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8 Future Directions Highlights â¢ To address the education gap regarding pain and pain manage- ment, efforts are underway to improve pain curricula, expand the workforce in critical areas, and change licensure and accreditation policies (Cherkin). â¢ To make it easier for clinicians to provide nonpharmacological care, models to remove cost and access barriers and provide sup- port for clinicians are being studied (Cherkin). â¢ Pilot studies are underway to evaluate the effectiveness of multi- modal treatments, and pragmatic studies and big data approaches will also likely be needed (Elton, Kligler). â¢ Potential next steps include identifying actions that would have the greatest impact, developing a strategy to implement those ac- tions, designing a national public education campaign on pain and pain management, and engaging with companies moving into the health care field (Anderson, Goldblatt, Schoomaker). NOTE: These points were made by the individual speakers identified above; they are not intended to reflect a consensus among workshop participants. Daniel Cherkin suggested in his concluding remarks that the field is in the midst of moving âfrom a thousand points of blight to a thousand points of light.â The points of blight are well recognized, he said, including the tremendous toll of the opioid epidemic, the continued suffering of peo- ple in pain despite the availability of treatment approaches that can relieve suffering, inadequate clinician training, poor understanding of evidence 77 PREPUBLICATION COPY: UNCORRECTED PROOFS
78 NONPHARMACOLOGICAL APPROACHES TO PAIN MANAGEMENT regarding pain treatment effectiveness, continued focus on a biomedical rather than biopsychosocial approach to treating pain, poor access to ef- fective nonpharmacological care, inadequate coverage of nonpharmaco- logical treatments, and a shortage of qualified clinicians to deliver those treatments. The cost of continued inaction is high, Cherkin said as he shifted his attention to the thousand points of light. First, he said, recognition of the essential role of education has resulted in efforts to improve pain curricula with a focus on team and collaborative care, expand the workforce in crit- ical areas, and change licensure and accreditation policies. In addition, models are being developed to remove cost and access barriers and provide systems support to make it easier for clinicians to provide nonpharmaco- logical care. Finally, many agencies are increasing research funding dedi- cated to improving the management of pain. Cherkin also highlighted the increasing focus on patients at the center of care management and the im- portance of empowering patients and supporting self-management. Eric Schoomaker added that although people in the conventional health care world might see efforts to expand the use of complementary and integrative health approaches as an attempt to build an alternative uni- verse, in reality the aim is to integrate emerging disruptive technologies, some of which are 4,000 years old, into conventional practice. POTENTIAL OPPORTUNITIES FOR MOVING FORWARD Cherkin predicted that the workshop would imbue participants with energy and confidence to take their good work in this area to the next level, knowing that they can call on other participants for advice, support, and collaboration. Anthony Delitto agreed, adding that workshop participants are already implementing many new ideas in the classroom, clinic, and community. Emerging models are ready for prime time, said Delitto, add- ing that he would like to see simulations give way to real-world studies in community environments. David Elton noted that many innovative pilot studies are underway that are driven by employers. For example, some studies evaluating virtual reality with biofeedback in the office and at home to control pain (Gupta et al., 2018). Biometric data collected indicated that participants experi- enced better pain control and improved function at very low cost, he said. Benjamin Kligler commented that pragmatic data and a big data ap- proach will be needed to evaluate some combinations of approaches, such PREPUBLICATION COPY: UNCORRECTED PROOFS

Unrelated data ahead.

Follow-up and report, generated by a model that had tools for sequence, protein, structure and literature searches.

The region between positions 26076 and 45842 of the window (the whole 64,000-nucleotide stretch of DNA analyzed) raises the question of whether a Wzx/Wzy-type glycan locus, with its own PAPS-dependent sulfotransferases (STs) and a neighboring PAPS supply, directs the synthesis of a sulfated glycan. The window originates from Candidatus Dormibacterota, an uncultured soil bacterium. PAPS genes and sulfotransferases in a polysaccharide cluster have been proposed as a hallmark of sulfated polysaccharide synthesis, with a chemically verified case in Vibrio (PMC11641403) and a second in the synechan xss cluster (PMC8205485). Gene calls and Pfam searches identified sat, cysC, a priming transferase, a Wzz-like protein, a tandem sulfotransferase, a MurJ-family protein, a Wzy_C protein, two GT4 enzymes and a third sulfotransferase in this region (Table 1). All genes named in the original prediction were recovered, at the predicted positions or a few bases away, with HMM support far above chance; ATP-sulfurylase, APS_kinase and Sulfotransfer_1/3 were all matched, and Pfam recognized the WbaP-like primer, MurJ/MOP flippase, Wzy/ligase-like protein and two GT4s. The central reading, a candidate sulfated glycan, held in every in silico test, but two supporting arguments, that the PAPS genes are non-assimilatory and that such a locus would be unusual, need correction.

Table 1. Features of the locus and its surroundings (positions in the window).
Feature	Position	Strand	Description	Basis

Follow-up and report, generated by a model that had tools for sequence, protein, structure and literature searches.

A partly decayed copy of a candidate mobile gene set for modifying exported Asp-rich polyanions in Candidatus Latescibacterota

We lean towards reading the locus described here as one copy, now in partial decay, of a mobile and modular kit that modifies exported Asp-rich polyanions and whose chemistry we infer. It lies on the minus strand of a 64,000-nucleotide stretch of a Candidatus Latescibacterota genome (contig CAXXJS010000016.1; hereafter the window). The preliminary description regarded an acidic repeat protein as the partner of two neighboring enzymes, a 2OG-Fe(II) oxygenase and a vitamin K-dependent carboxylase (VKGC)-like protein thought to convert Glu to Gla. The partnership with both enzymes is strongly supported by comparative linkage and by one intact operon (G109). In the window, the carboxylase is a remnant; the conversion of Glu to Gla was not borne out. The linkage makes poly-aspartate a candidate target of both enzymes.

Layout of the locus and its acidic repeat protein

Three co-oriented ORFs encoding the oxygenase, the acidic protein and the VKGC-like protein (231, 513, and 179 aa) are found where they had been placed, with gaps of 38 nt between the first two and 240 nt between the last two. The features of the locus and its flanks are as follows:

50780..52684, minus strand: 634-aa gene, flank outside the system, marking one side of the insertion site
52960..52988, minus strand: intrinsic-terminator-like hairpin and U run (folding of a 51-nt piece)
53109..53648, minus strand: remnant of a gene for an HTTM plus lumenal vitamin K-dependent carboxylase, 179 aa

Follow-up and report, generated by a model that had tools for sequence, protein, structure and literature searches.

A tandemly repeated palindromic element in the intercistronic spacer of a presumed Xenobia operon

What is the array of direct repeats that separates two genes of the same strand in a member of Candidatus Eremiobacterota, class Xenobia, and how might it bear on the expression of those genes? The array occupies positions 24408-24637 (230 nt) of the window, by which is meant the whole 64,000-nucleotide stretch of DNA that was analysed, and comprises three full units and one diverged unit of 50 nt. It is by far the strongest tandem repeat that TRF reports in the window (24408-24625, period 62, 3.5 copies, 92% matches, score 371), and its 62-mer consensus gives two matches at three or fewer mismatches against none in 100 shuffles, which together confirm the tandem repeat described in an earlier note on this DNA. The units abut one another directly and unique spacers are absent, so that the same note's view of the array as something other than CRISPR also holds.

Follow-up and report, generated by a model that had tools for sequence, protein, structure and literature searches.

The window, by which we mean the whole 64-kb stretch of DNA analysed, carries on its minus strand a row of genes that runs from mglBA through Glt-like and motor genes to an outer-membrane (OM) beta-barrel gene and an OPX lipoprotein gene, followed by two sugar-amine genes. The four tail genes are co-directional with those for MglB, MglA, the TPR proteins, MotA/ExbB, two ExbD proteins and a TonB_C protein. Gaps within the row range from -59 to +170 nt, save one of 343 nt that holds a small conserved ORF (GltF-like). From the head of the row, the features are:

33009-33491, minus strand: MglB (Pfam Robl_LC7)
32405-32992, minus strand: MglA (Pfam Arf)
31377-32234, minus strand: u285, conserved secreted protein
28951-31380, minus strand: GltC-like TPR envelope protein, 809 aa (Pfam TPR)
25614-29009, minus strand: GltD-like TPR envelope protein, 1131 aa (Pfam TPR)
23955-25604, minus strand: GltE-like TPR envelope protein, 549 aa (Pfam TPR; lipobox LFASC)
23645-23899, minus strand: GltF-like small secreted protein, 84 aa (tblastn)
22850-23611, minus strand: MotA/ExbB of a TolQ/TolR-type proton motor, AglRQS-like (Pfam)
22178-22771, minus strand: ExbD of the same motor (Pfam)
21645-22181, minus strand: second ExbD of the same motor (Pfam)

FUTURE DIRECTIONS 79 as cognitive behavioral therapy plus acupuncture plus yoga, because it is unlikely that anyone would conduct a clinical trial to assess effectiveness of that combination. Elton said Optum Labs is working in this space to bring all stakeholders together with academic and industry researchers and provide data access to begin answering these kinds of questions. Margaret Chesney added that leveraging datasets in existing studies may also pro- vide a head start in efforts to fill research gaps. Another issue related to understanding the effectiveness of combined therapeutic approaches was raised by Elizabeth Goldblatt. When people experience difficult chronic pain, they frequently see multiple practition- ers who may or may not be working together as a team. It is vitally im- portant that health professionals communicate with one another to provide optimal care, she added. Roger Chou said there have been studies of coor- dinated care models at the Department of Veterans Affairs (VA); although implementing these models outside of VA settings has proven difficult. Elton said data from his large network suggests there are pockets of inno- vation where diverse providers are working together in natural networks to provide tightly integrated care. These approaches can be powerful, he said, but may be challenging to scale up in health systems where providers operate in silos. Cherkin suggested convening a task force to identify key actions that would have the biggest, broadest, and quickest impact on removing major barriers, and then crafting a strategy to address those issues. Schoomaker agreed, adding that a campaign plan is needed to clearly define lines of efforts and principal tasks. A national campaign should include a substan- tial amount of public education, added Goldblatt. She and Belinda Anderson suggested reaching out and engaging big technology companies that are moving into the health care field in these efforts. In the closing moments of the workshop, David Shurtleff urged work- shop participants to take advantage of the major programs and initiatives already in place to help move these ideas forward.1 1Shortly after this workshop, 30 new funding opportunities aimed at evaluating the full spectrum of strategies for pain management were announced as part of the NIH HEAL Initi- ative. For more information on the NIH HEAL funding opportunities, go to https://www.nih. gov/about-nih/who-we-are/nih-director/statements/nih-needs-your-innovative-research- ideas-through-our-newly-announced-nih-heal-initiative-funding-opportunities (accessed Feb- ruary 7, 2019). PREPUBLICATION COPY: UNCORRECTED PROOFS